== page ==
Diminishing Returns is one of those economics terms. Basically, it means that the more you put in, the less you get for each unit.
Consider something like point-buy attributes for D&D, or raising one’s stats with experience points in typical games that allow such things (such as most White Wolf systems.) If you want that 18 Strength or 5 Presence, it’s going to cost you.
Systems that have diminishing returns have a pressure built in to make people well-rounded: if you have a well rounded character, you have more total effectiveness to go around. What stops people from having all their stats at 13? ALL systems, by nature of play, will not rely on each attribute equally. If you know what type of rolls you’ll have to make more often than others (either because of genre, system, or character niche), it’s in your interest to specialize.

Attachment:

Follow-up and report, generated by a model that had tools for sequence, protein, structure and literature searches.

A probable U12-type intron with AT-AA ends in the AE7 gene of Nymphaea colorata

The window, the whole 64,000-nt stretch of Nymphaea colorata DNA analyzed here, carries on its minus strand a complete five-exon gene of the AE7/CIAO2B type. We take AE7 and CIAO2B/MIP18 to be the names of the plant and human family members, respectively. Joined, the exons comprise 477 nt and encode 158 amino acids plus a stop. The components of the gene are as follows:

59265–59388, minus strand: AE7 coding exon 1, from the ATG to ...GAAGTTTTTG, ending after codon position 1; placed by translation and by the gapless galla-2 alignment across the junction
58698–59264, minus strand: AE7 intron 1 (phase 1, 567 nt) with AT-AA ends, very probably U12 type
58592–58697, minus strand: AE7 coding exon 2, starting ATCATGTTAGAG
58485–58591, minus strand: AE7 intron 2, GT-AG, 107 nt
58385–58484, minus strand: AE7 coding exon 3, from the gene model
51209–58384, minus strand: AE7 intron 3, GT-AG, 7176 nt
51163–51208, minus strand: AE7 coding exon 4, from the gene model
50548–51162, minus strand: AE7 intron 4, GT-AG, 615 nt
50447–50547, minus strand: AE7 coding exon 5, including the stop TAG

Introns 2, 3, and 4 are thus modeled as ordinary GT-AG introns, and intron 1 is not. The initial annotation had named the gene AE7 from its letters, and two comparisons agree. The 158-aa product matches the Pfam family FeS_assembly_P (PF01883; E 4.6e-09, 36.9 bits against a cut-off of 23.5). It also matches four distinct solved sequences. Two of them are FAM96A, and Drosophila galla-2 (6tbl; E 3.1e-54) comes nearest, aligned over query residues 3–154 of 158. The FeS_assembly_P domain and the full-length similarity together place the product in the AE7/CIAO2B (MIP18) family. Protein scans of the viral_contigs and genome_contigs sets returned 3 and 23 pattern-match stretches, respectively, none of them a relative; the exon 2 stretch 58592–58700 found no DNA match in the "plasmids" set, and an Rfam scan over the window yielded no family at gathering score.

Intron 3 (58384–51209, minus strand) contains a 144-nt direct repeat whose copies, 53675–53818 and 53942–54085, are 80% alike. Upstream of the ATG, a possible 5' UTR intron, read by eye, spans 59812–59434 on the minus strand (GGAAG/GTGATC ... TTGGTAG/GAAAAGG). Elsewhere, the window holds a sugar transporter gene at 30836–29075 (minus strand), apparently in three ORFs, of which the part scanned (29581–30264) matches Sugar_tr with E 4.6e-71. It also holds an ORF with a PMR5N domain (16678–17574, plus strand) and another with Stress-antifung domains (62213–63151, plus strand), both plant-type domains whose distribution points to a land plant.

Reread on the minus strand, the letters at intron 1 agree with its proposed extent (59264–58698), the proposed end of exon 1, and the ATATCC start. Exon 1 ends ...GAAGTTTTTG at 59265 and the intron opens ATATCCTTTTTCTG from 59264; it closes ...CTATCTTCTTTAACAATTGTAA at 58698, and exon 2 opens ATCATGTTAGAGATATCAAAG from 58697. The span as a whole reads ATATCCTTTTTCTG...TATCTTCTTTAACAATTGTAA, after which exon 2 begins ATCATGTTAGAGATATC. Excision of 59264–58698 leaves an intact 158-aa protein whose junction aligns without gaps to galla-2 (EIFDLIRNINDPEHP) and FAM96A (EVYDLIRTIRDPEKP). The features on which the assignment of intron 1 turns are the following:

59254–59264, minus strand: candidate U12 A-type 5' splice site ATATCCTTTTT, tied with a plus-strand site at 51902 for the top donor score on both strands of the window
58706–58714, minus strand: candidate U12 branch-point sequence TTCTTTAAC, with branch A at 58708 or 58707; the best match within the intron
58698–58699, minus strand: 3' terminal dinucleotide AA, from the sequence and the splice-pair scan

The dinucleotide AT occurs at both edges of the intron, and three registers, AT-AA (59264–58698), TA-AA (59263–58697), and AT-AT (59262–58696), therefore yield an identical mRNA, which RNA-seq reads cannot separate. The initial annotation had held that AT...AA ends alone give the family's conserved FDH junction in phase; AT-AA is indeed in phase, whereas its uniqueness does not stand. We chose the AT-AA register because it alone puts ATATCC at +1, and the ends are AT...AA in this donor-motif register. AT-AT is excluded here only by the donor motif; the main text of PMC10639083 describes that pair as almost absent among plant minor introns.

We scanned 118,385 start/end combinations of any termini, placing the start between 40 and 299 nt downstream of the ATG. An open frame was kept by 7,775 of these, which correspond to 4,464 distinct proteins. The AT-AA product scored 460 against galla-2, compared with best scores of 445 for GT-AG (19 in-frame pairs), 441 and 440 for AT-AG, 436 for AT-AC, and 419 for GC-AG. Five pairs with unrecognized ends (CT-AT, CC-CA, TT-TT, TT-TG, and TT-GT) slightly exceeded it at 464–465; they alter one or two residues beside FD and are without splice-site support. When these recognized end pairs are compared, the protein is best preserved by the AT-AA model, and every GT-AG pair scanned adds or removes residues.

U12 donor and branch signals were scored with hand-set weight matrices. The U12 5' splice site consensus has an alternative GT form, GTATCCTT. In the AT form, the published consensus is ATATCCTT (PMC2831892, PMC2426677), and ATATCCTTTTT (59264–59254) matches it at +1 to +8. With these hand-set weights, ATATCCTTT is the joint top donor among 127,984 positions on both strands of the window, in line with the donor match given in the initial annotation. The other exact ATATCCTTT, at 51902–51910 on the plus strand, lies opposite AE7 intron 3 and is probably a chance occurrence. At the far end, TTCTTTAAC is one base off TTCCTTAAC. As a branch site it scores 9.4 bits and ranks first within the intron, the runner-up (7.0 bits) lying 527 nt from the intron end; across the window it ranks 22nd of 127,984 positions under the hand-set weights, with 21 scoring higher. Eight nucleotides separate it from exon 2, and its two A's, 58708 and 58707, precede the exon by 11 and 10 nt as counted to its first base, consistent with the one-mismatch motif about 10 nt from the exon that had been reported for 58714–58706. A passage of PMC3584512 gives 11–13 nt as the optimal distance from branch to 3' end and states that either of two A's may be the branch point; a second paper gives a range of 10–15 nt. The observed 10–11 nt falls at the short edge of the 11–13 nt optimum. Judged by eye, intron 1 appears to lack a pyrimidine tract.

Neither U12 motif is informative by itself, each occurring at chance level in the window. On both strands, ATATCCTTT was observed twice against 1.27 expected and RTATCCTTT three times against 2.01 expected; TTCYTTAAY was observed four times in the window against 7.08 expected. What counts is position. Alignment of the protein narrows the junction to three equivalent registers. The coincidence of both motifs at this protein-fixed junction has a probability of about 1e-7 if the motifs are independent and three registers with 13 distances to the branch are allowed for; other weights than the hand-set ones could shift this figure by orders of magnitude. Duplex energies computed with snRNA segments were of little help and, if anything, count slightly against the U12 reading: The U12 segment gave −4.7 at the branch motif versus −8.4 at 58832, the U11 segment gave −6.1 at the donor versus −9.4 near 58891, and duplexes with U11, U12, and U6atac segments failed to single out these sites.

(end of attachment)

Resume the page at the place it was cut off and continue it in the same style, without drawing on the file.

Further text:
Consider HERO for a moment; buying five more points of strength costs only 5 points, whether your Strength is currently 10 or 100. While the nature of HERO combat is such that there’s often a rock-paper-scissors element to defenses, it’s almost always in one’s best interest to raise their offensive (or otherwise definitive) powers as high as they can get away with, thus the prevailing HERO doctrine of ‘active point limits’ and the like.
With diminishing returns however, there’s two opposing forces, and the question becomes: is this increased effectiveness in my area of specialization worth the price I will have to pay for it? Answering that question becomes a (strategic) task in and of itself, and becomes one more area of challenge for the player.
So next time you see escalating costs for a skill or power or what have you, remember that you aren’t being punished- you’re being challenged. What’s it going to be?